However, the spacer has another function to perform. It must, as a separator, also physically space and separate the anode and the cathode electrodes to a predetermined maximum spacing within the cell chamber, to accommodate the necessary amount of chemical materials at the electrodes, and the charge of electrolyte.

FIGS. 4 and show the manner in which a layer of spacer material is placed on the anode powder mix 66 and then compressed over the area of the spacer except for two small areas 72 and 74 on which two bosses 72 and 74 are formed, here shown semi-spherical. The treatment of the spacer 68 in this manner serves two purposes. First, the volumetric space 76, over the top area of the spacer 68 between and around the two bosses 72 and '74, provides free space into which the electrolyte will be able to flow freely when it is later introduced into the cell. The second benefit derived from that formation of the spacer is that the two bosses 72 and 74, left uncompressed, remain available to act as spacers, as in FIG. 5, to accomplish the usual spacing function between the anode and the depolarizer material of the cathode, until and while the electrolyte is introduced into the interelectrode space in each cell.

In FIGS. 8, 9 and 10, a shallow metal cathode cup is shown provided with a floor 82 of crucifix form, shaped by the removal of four cut-outs 84 to leave a longitudinal rib 86 and a transverse rib 88. A tab 90 of the metal cup 80 provides an electrical connector for connection to an external circuit, and pressed-up tangs 93 along the borders of the cut-outs 84 assist in holding a depolarizer pellet 92 shown compressed into the cup 80 to fill all of the space in the cup 80 including the spaces in the windows or cut-outs 84 and further to extend slightly above the shallow cup 80 to also grip the tangs 93 and the top border edges 94 of the cup.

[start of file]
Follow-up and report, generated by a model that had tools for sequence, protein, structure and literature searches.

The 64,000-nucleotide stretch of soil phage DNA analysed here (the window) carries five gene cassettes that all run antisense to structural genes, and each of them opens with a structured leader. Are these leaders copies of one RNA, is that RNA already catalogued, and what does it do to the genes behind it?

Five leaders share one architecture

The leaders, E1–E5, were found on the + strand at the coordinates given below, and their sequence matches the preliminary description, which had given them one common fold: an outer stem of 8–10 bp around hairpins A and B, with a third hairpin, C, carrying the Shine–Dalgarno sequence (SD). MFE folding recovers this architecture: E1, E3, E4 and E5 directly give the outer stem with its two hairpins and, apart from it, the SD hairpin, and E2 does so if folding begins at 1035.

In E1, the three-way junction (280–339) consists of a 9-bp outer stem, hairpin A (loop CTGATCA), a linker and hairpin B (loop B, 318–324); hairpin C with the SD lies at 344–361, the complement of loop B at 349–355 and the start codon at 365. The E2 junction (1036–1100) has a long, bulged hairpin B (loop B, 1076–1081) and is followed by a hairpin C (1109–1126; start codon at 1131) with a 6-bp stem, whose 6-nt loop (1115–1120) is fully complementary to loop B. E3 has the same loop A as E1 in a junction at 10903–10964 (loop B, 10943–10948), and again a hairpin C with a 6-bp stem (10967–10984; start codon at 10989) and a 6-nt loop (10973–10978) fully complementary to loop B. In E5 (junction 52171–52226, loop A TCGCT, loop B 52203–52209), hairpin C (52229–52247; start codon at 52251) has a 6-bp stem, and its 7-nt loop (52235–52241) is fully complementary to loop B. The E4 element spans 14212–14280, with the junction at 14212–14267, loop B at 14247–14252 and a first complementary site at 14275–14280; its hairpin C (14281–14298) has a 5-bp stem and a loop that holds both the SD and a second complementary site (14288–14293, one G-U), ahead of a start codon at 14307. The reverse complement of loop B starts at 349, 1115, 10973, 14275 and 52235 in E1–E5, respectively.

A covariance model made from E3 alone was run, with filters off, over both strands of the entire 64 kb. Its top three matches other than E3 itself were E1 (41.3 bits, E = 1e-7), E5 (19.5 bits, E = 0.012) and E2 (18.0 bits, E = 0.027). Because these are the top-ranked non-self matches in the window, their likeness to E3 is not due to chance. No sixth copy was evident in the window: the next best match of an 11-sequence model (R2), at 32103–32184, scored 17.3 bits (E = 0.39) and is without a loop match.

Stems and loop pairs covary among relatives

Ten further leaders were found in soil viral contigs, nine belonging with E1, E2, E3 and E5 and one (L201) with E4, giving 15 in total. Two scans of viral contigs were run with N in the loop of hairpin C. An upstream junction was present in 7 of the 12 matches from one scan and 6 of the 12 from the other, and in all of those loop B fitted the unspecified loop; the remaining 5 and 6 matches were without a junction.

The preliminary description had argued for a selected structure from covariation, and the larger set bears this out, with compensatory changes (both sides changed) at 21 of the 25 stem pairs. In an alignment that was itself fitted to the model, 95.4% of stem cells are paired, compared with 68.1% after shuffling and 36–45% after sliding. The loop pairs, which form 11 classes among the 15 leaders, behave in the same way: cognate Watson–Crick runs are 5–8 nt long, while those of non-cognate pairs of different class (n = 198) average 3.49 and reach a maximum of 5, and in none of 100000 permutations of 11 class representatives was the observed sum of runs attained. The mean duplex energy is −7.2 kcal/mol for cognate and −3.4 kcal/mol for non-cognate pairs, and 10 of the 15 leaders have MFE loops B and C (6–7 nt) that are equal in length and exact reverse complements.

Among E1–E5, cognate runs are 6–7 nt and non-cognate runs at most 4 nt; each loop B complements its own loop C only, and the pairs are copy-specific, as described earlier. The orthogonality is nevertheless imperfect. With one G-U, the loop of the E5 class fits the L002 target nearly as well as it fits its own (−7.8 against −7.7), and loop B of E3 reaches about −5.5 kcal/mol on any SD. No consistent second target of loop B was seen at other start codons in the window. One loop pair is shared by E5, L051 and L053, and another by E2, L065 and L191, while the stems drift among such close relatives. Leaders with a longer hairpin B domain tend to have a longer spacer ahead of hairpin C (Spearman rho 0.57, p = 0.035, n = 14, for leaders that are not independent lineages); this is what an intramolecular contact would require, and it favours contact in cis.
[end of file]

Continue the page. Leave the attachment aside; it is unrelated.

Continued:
In assembly, the pellet and cup consolidation of FIGS. 8, 9 and 10 is disposed with the pellet 92 to rest against the spacer 68, as in FIG. 5. With the spacer treated as shown in FIGS. 6 and 7, a depolarizer material top surface 96, FIG. 9, will sit against the top surface points of the bosses 72 and 74 on the spacer material 68 of FIG. 5 and thus provide a free space 98 between the spacer 68 and the depolarizer 92, into which an electrolyte may be introduced with a minimum of time so that the battery may be assembled in relatively short time for maximum manufacturing economy.

As shown in FIG. 11, each cell assembly is shown in position in its cell compartment 24. The cell assembly consists of one anode-spacer assembly 60 and one cathode-depolarizer consolidation 80. The anode-spacer assembly consists of the arrangement shown in FIGS. 6 and 7, and the cathode-depolarizer consolidation 80 corresponds to that shown in FIGS. 8, 9 and 10. As shown in FIGS. 5 and 11, a spacer 68 presses against a depolarizer top surface 96 to leave a temporary increased empty free space 98 between the spacer and the depolarizer to permit the operating electrolyte to be introduced into that free space quickly, without having to wait while the electrolyte is being absorbed by the absorbent spacer 68.